“Milk of Calcium”: Morphology, Structure and Mineralogical Composition
The term “milk of calcium” has been borrowed from a somewhat similar condition encountered in the gallbladder. In most cases the condition is asymptomatic and is found only accidentally. In the plain film taken with the patient supine, the appearance suggests an ordinary round or oval solid calculus. However, with the patient upright or sitting, the calcific material gravitates to the bottom of the cyst resulting in the characteristic “half-moon” contour (Figure 1). It was first described by Fresnais1 in 1937. Since then a number of cases (around 30) have been described in the world literature. Most of them showed the milk of calcium either in a calyceal diverticulum or in a pyelogenic cyst2,3, but in several cases it was in hydronephrotic kidneys1,4,5. “Milk of calcium” is made of fine sand-like concretions4,5,6 of calcium carbonate2,3, hydroxyapatite4, calcium oxalate7 or magnesium ammonium phosphate5.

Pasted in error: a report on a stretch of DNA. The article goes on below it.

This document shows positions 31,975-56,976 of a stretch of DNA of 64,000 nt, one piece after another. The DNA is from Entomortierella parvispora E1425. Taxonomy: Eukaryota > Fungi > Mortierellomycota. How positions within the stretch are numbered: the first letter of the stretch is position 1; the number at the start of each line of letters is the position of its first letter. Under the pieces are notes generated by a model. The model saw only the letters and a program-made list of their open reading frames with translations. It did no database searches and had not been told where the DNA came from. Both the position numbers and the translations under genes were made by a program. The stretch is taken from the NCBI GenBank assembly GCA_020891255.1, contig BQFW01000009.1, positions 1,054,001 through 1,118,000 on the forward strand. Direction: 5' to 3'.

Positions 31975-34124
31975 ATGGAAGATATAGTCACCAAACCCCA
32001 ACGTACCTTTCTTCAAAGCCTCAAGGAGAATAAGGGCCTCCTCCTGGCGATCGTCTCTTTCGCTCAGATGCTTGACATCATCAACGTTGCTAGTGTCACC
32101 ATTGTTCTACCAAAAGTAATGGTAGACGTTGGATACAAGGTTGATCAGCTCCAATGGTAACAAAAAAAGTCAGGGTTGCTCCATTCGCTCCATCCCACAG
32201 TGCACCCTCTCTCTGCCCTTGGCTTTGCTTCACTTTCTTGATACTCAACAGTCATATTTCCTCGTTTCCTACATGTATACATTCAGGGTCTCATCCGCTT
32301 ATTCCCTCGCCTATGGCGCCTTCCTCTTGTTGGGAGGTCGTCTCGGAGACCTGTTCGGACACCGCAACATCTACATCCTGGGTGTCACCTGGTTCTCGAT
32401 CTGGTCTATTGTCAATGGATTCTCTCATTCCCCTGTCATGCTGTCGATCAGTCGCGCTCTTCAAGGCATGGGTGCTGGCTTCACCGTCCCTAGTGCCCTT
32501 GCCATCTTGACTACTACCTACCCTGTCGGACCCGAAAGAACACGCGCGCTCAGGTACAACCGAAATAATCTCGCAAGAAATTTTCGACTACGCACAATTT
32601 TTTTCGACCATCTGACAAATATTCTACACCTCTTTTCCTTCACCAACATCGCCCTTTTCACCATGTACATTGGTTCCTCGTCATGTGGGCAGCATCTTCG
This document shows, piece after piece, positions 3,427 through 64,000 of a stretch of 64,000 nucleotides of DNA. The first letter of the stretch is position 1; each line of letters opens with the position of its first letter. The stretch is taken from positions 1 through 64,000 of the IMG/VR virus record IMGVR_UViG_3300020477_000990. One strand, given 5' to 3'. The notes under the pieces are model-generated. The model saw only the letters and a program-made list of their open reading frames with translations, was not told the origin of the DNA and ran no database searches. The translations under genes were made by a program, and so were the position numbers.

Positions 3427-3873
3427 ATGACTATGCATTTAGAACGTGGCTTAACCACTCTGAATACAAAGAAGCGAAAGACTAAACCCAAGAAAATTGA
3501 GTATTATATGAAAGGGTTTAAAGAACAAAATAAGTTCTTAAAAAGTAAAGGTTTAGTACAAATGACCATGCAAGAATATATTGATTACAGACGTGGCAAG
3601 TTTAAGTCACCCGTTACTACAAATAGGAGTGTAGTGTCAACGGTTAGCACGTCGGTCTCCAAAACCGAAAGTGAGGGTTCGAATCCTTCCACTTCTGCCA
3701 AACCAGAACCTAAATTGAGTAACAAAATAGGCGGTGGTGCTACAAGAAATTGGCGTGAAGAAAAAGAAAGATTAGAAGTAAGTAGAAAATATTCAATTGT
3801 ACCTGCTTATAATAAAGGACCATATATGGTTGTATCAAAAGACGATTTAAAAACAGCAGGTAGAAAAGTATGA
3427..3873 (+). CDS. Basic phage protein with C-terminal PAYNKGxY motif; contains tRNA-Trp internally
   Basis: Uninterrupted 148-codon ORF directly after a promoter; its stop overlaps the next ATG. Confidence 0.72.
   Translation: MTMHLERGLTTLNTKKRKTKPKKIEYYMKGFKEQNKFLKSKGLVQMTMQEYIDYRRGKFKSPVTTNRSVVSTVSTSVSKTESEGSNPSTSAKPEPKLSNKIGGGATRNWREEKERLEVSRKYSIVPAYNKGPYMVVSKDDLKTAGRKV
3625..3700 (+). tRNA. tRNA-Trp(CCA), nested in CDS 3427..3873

KeywordsMineralogical Composition Thin Sheet Calcium Oxalate Concentrical Layer Ammonium Phosphate
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